Route Guide    Partners    Forum    Photos    What's New    Journal        
Sign Up  |   Log In:Login with Facebook
REI Community
Echo Tower
Select Route:
Bad Religons T 
Iron Chef, The T 
Phantom Sprint 
Run Amok 
Sidewinder T 
Tapeworm, The 

The Tapeworm 

YDS: 5.9 French: 5c Ewbanks: 17 UIAA: VI ZA: 17 British: HVS 5a A3 R

   
Type:  Aid, Grade V
Original:  YDS: 5.9 French: 5c Ewbanks: 17 UIAA: VI ZA: 17 British: HVS 5a A3 R [details]
FA: Brad Jarret and Brian Warsaw
Page Views: 1,196
Submitted By: Ben Folsom on Oct 24, 2001

You & This Route  |  Other Opinions (1)
Your todo list:
Your stars:
Your rating: -none- [change]
Your ticklist: [add new tick]
Your opinion of this PAGE:    [0 people like this page.]
John Slezak at the 4th belay on the second ascent ...

RAIN AND WET ROCK The sandstone around Moab is fragile and is very easily damaged when it is wet. MORE INFO >>>

Description 

This is a good steep aid line that climbs the Southeast face of the formation between Deadmans Party and Run Amok. To approach, hike the trail to inbetween Cottontail Tower and the Titan and hike up the hill to the base of the route.

P1- This used to be some free climbing and some tricky moves but unfortunately somebody has drilled a bolt ladder. Climb the bolt ladder to the ledge directly below Run Amok. Traverse left on the ledge until you come to thin cracks that rise from the left end of the ledge.

P2- Difficult thin nailing on a very steep wall to a hanging belay at bolts. (A3+)

P3- Moderate nailing in a right leaning corner which progressively gets harder and scarier until you reach another hanging belay at bolts. (A3)

P4- Climb the steep mud curtain above and into a chimney system with nailing and hooking. The belay is from bolts on the outside of the chimney on the right side. (A3)

P5- Climb a bolt ladder to some 5.9 free climbing in a chimney (really good) When the free climbing runs out, climb another long bolt ladder to a shallow alcove. Above the alcove some very shallow knifeblade moves will get you to a small diving board formation where you make a mantle. From there, a difficult move gets you to another short bolt ladder and another hanging belay. (A3+)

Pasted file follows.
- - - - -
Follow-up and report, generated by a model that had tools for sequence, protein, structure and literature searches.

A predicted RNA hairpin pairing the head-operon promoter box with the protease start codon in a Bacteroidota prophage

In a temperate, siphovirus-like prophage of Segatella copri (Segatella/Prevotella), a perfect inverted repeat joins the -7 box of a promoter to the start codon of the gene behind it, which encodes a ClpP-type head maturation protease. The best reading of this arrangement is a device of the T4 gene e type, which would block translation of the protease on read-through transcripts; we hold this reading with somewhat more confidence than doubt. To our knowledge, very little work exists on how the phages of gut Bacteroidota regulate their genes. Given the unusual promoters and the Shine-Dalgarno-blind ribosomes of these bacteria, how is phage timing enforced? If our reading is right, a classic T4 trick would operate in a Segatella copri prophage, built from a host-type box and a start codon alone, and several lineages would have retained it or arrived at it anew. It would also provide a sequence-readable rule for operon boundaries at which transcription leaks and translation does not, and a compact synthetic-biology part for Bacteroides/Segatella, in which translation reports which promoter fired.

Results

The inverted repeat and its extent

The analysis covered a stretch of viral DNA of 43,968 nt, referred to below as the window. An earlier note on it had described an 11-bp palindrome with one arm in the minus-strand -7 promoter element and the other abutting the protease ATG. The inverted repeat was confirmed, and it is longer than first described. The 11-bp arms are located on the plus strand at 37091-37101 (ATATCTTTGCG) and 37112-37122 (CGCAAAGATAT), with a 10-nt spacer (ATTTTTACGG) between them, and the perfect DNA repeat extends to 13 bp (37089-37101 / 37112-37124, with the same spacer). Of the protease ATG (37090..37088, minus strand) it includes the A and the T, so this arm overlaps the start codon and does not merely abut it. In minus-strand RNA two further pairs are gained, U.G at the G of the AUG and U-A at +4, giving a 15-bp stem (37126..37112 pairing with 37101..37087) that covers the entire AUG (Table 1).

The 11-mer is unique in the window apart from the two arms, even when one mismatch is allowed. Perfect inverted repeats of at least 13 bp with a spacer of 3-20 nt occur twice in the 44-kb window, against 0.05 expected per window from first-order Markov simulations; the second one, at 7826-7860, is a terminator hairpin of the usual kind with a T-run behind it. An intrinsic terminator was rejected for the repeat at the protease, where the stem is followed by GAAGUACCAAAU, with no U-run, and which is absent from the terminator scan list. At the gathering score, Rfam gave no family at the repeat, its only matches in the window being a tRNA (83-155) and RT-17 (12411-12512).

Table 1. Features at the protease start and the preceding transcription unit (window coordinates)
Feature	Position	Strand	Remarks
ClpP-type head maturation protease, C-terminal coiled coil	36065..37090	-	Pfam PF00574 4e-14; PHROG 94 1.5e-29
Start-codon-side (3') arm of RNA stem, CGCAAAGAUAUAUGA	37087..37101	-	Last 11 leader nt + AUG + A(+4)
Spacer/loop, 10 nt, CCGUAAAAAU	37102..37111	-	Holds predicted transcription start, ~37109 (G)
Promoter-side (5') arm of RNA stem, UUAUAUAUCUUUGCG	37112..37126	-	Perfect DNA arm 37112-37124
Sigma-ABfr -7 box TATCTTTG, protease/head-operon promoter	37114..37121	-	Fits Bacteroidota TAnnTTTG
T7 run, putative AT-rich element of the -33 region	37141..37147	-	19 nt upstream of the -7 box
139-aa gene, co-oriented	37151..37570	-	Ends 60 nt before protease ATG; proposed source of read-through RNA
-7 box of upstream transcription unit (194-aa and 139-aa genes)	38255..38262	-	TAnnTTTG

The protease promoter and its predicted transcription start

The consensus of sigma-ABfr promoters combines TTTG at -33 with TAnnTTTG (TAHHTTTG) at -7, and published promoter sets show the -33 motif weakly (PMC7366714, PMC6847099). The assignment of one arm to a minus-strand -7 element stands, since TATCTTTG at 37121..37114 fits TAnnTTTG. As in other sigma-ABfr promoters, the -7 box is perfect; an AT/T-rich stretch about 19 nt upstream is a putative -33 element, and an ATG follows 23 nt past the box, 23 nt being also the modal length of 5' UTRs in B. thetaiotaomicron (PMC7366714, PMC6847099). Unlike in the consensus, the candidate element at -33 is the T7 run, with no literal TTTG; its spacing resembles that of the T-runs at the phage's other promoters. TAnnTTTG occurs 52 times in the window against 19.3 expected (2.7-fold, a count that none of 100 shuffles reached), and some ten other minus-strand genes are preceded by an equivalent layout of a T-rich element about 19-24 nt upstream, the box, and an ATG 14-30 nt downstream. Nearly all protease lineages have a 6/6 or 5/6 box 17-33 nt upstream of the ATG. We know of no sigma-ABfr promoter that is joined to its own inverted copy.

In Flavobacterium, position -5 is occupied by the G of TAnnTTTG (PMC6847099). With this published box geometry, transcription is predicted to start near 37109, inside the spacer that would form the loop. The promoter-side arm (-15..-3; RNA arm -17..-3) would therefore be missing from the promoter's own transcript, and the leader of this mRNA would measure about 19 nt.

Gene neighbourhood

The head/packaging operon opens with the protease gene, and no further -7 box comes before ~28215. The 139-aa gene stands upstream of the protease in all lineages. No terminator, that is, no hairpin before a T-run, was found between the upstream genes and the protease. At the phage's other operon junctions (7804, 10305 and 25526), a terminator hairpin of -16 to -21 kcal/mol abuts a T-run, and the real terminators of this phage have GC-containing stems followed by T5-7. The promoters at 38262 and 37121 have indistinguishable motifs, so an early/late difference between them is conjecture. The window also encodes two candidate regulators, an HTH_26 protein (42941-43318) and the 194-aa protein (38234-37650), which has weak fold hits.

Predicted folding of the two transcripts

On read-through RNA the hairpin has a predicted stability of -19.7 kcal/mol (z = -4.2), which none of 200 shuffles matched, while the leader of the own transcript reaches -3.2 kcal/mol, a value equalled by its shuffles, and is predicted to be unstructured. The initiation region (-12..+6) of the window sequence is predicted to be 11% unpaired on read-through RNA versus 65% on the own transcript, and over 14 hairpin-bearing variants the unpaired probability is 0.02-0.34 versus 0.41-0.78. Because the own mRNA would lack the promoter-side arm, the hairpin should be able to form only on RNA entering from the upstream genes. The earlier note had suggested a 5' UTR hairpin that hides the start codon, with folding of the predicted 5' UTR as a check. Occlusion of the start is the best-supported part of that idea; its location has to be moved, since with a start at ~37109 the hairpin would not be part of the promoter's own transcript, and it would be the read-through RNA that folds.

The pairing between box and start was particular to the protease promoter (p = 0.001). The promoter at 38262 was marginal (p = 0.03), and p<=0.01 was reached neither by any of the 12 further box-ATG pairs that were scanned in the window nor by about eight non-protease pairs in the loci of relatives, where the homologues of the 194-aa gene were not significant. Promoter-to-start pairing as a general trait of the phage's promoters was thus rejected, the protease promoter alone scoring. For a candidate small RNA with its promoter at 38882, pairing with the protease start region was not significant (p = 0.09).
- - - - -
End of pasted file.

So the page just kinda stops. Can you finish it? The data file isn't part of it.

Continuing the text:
P6- Nail a moderate corner and then more difficult aid to the top of the tower.

To descend, rappel the opposite side of the tower from the routes final anchors down a deep, wide chimney called the bowels of the tapeworm. Its 4 or 5 raps to get down. The descent is clean and hassle free.

John Slezak and I did the second ascent of this route in full winter conditions in December of 1994. We climbed it without fixed ropes and bivied in portaledges for three nights. It was cold, and for the first three days there were blizzards of snow and slush. One storm happened while John was leading the chimney on pitch four. I was at the belay and mud and water poured out of the chimney next to me for a couple hours. It was like being next to a chocolate waterfall. The final day of the climb was my 19th birthday. The summit was a good birthday present.

Protection 

Full aid rack- Pins from beaks to big angles, two sets of cams from tiny to #4 Camalot. Micro nuts, stoppers and hooks.


Comments on The Tapeworm Add Comment
Show which comments
By Andrew Wellman
Oct 24, 2001

Ben, again I'm really impressed. That doesn't sound like very much fun to me, but some people have different ideas of fun. A few questions: When you say A3 nailing in the fishers, I'm curious as to what you mean. Do you typically evaluate placements like you would in granite, and rate them that way, thereby making an A3 fishers pitch way scarier than an A3 El Cap pithc because the rock quality is always suspect. Or do you take rock quality into consideration, meaning an A3 pitch would probably be A2 on El Cap, but it's not here, since the rock is so questionable. Thanks!
By Andrew Wellman
Oct 24, 2001

Ben- O.K. Im pretty sure I get what you're saying. I guess my question went more like this. In granite, you usually have a number of placements that you know probably won't take a fall - heads, beaks, most hooks, tiny RPs, sketchy tied offs etc. This would obviously be the same on sandstone. But say you're in the middle of some A3 Fisher Towers pitch and after a long ways get in a decent angle. That's the only piece from you to the belay that might hold a fall, but becasue the rock is usually suspect, it's hard to rely on this one piece to catch a huge fall. Therefore, is this pitch A3, or say A4, assuming that maybe that piece won't hold the fall, where in perfect rock, you'd be quite confident that it would? This is all just curiousity. I've done some granite big walls and the colorado ridge, but I'm just trying to find out what the realms of possibility are to expect on an A3 route in the fisher towers. So, answer if you can, I guess. Thanks, andy.
By Joe Forrester
From: Palo Alto
Feb 8, 2007

How are the rap stations down the bowel of the tapeworm? Did you rap the route?
By Ben Folsom
Aug 29, 2007

It was 1994 when we did this route, so I don't know what the condition of the anchors is rapping down the bowels of the tapeworm, but when we did it they were bomber and it was a quick descent from the top.